Scholarship has largely rejected the relevance of the Johannine Son of Man sayings as a source for solving the Son of Man debate. The suspicion of Jesus' words in John is the obvious reason for this rejection. Jn 9.35 presents an interesting test case for rethinking the authenticity of the Son of Man sayings in John. An examination of this saying reveals that it is discontinuous with early Christianity, Second Temple Judaism, and confessions of faith in John's Gospel. The combination of these factors suggests the possibility that the saying may have come from the lips of the historical Jesus.
The Fourth Gospel has more often than not been considered antagonistic to Judaism than as a Jewish text. When some Jewishness has been granted, scholars often see the evangelist as reshaping or redefining Jewish ideas. This present introduction sets the stage for the essays in this volume. In these essays, the contributors attempt to portray Johannine Christology as part of Jewish messianic expectations within early Judaism. The contributors discuss John’s Messiah in relation to royal, prophetic, and divine messiah expectations of Second Temple Judaism. The essays in this volume have been categorized under the headings of “John’s Jesus as a Jewish Messiah: Paths Taken and Not Taken,” “John’s Word and Jewish Messianic Interpretation,” “John’s Royal Messiah,” “John’s Prophetic Messiah,” and “John’s Messiah and Divinity,” along with an epilogue.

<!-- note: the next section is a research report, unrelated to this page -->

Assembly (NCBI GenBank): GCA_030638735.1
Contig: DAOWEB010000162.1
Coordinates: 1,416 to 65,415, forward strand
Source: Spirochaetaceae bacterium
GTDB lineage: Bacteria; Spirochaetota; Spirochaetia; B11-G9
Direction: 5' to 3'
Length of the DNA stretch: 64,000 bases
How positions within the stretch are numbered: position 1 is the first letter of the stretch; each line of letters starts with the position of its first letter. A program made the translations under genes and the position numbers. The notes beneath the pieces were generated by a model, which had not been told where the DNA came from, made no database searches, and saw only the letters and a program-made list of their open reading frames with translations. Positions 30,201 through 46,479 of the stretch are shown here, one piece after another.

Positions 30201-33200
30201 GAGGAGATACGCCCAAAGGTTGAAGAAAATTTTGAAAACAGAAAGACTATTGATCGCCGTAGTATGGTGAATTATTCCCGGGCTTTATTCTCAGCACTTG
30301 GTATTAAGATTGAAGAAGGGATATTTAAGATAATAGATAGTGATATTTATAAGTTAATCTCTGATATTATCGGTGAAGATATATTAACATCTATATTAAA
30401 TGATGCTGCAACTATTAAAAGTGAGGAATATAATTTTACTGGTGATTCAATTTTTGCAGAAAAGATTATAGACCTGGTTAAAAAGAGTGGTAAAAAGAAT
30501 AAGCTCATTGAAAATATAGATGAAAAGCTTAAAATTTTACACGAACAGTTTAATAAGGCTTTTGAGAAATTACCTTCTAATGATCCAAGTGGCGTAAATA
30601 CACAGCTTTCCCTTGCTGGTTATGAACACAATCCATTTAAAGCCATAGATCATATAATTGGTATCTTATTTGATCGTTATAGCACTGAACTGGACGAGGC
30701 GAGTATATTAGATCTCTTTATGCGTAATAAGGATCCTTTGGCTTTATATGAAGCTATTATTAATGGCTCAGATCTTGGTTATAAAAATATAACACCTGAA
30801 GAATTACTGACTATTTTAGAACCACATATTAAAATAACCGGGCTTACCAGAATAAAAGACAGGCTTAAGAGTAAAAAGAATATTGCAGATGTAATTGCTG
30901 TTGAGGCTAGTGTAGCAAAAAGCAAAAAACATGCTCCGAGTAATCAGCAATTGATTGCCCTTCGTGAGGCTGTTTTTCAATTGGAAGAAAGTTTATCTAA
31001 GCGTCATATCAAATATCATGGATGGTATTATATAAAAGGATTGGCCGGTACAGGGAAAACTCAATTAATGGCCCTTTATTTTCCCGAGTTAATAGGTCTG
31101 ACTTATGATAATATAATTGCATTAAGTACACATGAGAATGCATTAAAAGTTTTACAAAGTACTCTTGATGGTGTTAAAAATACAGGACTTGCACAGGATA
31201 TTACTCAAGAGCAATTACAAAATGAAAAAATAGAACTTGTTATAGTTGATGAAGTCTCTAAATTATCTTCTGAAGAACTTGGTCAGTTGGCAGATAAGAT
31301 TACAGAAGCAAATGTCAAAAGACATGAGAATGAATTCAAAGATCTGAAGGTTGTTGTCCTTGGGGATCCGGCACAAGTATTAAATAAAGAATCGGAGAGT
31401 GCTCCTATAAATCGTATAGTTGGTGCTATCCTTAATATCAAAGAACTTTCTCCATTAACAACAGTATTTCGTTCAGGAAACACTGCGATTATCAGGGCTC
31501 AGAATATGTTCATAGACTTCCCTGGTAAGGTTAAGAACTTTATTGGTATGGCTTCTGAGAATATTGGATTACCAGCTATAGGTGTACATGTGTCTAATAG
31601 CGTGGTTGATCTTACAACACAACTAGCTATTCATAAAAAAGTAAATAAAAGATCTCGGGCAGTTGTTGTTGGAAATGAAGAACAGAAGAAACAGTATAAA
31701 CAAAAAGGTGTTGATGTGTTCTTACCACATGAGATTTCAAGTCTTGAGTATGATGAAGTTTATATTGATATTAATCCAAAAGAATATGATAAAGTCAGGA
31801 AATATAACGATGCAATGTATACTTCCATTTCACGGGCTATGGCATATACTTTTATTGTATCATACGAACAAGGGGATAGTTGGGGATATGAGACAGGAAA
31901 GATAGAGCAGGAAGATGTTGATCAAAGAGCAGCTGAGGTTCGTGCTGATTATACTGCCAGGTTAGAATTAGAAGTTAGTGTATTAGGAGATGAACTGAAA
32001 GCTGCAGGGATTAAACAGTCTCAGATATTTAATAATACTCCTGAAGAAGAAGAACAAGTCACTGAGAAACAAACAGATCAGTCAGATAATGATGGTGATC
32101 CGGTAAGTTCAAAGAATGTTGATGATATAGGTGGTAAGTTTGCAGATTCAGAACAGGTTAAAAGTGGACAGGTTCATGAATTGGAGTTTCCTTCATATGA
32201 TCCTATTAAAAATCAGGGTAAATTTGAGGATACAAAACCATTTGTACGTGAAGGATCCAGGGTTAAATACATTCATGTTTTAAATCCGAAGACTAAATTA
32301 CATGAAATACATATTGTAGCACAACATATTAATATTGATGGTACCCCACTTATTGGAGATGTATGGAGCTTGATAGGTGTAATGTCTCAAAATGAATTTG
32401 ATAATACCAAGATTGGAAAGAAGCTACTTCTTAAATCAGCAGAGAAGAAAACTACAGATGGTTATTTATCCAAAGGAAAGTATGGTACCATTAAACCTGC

This essay begins by noting the challenges to reading the Gospel of John in the context of early Jewish messianism, such as questions about John’s authenticity, the relationship of the Gospel with the Johannine community, and the Gospel’s high Christology. The focus of the essay, however, is on the scarcity of references to John in the scholarship of early Jewish messianism. I focus on five scholars who address the Fourth Gospel in the context of first-century messianic expectations and draw attention to how rarely the Gospel is read as a Jewish text. The messiah passages of John are listed, along with possible questions and issues related to them. The essay concludes by suggesting possible ways for reading John as a Jewish messiah text.
The epilogue includes a brief summary of the essays in the volume and then argues that John’s Messiah can be understood to be at home among the variety of Jewish messiahs of the Second Temple period. The messiah texts of the Fourth Gospel are discussed, and it is argued that they reflect messianic expectations within early Judaism. The Jewishness of John’s Jewish Messiah does not negate the distinctiveness of Johannine Christology; however, that distinctiveness depends more upon the naming of Jesus as the Jewish Messiah and not that John’s Messiah is not Jewish. There is space on early Judaism’s spectrum of messianic expectation for the Jesus of the Gospel of John.